WASHINGTON (AP) — The Biden administration is stepping up pressure on Russia over a buildup of troops along its frontier with Ukraine.
Secretary of State Antony Blinken told his Ukrainian counterpart Dmytro Kuleba in Washington on Wednesday that the U.S. commitment to Ukraine’s security and territorial integrity is “ironclad” and will not change. He said any Russian escalation along the border would be viewed with “grave concern.”
“We’re concerned by reports of unusual Russian military activity near Ukraine,” Blinken said at the conclusion of a U.S.-Ukraine strategic dialogue meeting. “Any escalatory or aggressive actions would be of grave concern to the United States.”
Blinken said the U.S. did not know Russia’s intentions but said Moscow’s “playbook” has been in the past to invent provocations along its border to justify military intervention. “We don’t have clarity into Moscow’s intentions, but we do know its playbook,” he said. “If there are any provocations that we’re seeing, they’re coming from Russia.”
Kuleba, whose country was at the center of former President Donald Trump’s first impeachment, thanked Blinken for U.S. support. He said the key to deterring Russian aggression is not only for Ukraine to remain strong but for its allies to speak out firmly in support of Kyiv.
“What is unfolding in Europe now is a very complicated thing with many elements to it,” the Ukrainian foreign minister said, noting cyberattacks, the spread of misinformation and disinformation aimed at destabilizing democracies, the use of migrant populations to foster unrest and the movement of troops. “In this complicated game, we have to remain vigilant, we have to be resilient.”
Earlier, the top U.S. diplomat for Europe told The Associated Press that senior Russian officials had been warned of potential consequences for any increased threat to Ukraine’s security.
Karen Donfried, assistant secretary of state for Europe and Eurasia, would not discuss specific consequences for Russia, but administration officials have in the past said boosting military support for Ukraine is one option. She also said the U.S. would continue to warn Russia against using energy exports as a political weapon against Europe generally and Ukraine specifically.
Donfried was part of a U.S. delegation led by CIA Director William Burns that visited Moscow last week and delivered that message personally to Kremlin officials. After leaving Moscow, Donfried traveled to Kyiv to brief Ukrainian officials on the meetings.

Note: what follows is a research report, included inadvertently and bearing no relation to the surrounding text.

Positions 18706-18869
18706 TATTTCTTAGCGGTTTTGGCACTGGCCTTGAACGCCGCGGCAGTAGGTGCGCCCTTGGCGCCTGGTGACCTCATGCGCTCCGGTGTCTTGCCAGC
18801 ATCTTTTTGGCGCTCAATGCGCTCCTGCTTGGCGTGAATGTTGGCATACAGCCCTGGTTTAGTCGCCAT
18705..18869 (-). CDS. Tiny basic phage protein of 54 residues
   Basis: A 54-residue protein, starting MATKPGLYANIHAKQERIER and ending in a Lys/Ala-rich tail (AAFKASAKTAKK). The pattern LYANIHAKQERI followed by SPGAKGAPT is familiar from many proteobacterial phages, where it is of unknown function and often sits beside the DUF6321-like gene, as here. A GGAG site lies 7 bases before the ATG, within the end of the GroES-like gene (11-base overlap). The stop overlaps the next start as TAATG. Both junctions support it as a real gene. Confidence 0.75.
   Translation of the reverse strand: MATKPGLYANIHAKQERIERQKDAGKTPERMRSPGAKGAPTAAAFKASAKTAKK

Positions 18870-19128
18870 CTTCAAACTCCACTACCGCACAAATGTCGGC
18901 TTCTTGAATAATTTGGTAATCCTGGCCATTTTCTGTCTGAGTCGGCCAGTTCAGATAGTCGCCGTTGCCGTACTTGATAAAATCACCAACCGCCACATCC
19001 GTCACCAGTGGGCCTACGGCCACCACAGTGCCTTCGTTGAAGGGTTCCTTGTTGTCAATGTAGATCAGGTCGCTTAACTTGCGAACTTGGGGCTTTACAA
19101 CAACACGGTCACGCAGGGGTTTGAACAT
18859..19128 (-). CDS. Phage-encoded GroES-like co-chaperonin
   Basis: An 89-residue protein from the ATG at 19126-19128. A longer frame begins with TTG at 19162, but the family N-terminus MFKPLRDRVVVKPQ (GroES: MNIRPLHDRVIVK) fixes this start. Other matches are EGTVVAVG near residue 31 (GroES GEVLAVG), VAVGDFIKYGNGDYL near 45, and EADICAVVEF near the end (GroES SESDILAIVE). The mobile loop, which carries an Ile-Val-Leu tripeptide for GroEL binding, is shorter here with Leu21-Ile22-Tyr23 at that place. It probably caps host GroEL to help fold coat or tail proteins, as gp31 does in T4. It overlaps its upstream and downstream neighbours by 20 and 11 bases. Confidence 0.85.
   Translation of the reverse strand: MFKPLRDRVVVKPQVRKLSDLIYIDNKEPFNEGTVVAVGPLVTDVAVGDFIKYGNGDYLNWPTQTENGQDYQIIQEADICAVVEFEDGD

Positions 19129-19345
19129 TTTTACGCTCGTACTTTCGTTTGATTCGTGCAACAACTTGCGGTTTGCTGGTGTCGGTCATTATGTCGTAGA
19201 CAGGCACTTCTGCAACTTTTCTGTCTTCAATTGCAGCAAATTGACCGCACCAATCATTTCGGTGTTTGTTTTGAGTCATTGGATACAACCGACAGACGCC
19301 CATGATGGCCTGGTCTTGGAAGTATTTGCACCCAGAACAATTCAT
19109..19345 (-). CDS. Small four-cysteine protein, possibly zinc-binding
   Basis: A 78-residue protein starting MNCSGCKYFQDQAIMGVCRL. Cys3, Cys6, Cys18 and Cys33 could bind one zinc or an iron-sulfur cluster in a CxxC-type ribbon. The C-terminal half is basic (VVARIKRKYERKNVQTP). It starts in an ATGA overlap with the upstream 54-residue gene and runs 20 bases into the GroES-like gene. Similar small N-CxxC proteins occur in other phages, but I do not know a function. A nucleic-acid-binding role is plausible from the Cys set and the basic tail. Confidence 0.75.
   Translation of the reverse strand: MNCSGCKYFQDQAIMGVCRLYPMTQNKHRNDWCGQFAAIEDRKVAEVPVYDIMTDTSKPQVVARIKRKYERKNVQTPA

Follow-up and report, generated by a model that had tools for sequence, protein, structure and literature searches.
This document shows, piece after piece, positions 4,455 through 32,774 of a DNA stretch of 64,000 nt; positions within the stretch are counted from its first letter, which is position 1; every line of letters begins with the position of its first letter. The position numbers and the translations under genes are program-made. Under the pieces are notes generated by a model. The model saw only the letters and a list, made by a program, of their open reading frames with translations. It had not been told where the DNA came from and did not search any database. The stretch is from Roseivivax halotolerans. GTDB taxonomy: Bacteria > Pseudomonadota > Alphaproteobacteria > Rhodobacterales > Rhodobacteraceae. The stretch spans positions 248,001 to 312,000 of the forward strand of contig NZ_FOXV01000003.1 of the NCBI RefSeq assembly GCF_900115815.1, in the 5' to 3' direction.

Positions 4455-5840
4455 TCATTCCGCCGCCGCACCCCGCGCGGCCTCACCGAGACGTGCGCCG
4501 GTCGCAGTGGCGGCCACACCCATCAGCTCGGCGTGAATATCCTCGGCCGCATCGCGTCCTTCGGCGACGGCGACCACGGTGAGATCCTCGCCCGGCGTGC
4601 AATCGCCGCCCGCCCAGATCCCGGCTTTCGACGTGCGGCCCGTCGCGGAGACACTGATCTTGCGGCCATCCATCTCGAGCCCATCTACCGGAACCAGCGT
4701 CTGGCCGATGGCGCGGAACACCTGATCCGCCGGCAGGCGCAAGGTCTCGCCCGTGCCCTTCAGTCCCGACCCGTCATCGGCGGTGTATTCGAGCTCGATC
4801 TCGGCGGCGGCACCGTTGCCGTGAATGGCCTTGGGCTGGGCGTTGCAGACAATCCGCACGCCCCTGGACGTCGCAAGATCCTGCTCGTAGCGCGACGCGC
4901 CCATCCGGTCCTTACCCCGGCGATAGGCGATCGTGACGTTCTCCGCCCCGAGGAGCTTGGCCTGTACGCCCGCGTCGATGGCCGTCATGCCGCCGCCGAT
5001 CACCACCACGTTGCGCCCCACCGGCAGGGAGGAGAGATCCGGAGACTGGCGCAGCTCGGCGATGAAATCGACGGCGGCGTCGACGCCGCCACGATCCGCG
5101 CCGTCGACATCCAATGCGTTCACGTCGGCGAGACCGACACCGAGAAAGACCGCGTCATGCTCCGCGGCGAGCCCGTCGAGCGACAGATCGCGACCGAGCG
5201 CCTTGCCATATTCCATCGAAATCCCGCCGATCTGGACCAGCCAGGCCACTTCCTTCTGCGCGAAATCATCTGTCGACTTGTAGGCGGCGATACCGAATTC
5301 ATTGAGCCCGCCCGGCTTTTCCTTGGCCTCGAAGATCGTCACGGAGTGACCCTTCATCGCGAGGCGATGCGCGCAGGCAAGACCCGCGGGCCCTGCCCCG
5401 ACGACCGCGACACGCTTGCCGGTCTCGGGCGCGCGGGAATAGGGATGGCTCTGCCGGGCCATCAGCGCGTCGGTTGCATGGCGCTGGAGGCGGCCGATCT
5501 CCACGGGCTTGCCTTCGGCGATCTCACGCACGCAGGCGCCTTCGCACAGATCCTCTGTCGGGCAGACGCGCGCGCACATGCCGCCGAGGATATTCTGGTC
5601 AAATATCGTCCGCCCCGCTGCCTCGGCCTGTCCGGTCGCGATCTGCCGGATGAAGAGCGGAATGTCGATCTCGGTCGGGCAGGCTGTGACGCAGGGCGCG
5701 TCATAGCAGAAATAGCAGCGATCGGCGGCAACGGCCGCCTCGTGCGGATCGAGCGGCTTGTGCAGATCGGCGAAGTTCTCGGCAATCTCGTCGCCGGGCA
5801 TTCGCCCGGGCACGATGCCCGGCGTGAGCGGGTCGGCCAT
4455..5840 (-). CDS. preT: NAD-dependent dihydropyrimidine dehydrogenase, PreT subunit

Speaking of the Moscow meetings, which officials have said included a conversation with Russian President Vladimir Putin and one of his most influential advisers, she said, “Director Burns was effective in sending the messages that he thought it was appropriate to send.”
A day after Burns and Donfried visited Moscow, Ukraine said Russia has kept tens of thousands of troops not far from the countries’ border after war games, as part of an attempt to exert pressure on its ex-Soviet neighbor.
Ukraine’s Defense Ministry said last week that about 90,000 Russian troops are stationed not far from the border and in rebel-controlled areas in Ukraine’s east. It said specifically that units of the Russian 41st army have remained in Yelnya, about 160 miles (260 kilometers) north of the Ukrainian border.
Russia has cast its weight behind a separatist insurgency in Ukraine’s east that erupted shortly after Moscow’s 2014 annexation of Ukraine’s Crimean Peninsula and has left more than 14,000 people dead. Russia has repeatedly denied any presence of its troops in eastern Ukraine.
Earlier this year, a massive buildup of Russian troops in the Russia’s west raised concern in Ukraine and in the West, fueling fears of an escalation of large-scale hostilities.
Russian officials said the troops were deployed for maneuvers, casting them as part of measures to counter security threats posed by the deployment of NATO forces near Russian borders. Russia and the alliance also have blamed each other for conducting destabilizing military exercises near the borders.
In addition to amplifying U.S. concerns about the Russian troops, Blinken and Donfried said Washington, along with its European partners, is watching with trepidation to see if Moscow follows through on pledges to meet European demand for natural gas, particularly in the upcoming winter months.
“Russia can and should provide additional supplies through Ukraine, which has sufficient pipeline capacity and they don’t need Nord Stream 2 for that,” Donfried said. “And, if Russia fails to do that, obviously it’s going to hurt European energy security and bring into question what Russia’s motives are for withholding those supplies.”
Fears of Russia’s potential intentions have increased with the imminent completion of a new Russia-to-Germany gas pipeline, known as Nord Stream 2, that is bitterly opposed by Ukraine and Poland, which are bypassed by the route.
Both nations have spoken out about the project vehemently and took sharp exception to the Biden administration’s decision earlier this year to waive sanctions against the pipeline’s main backers.
Donfried said the U.S. is continuing to warn Russia against using energy exports as a political weapon against Europe, something that Moscow has been accused of before, and encouraging it to increase the supplies it sends west.
“While we’re sending that message to Russia, I don’t think anyone is going to relax and feel confident that Russia will, in fact, be increasing those supplies,” she said.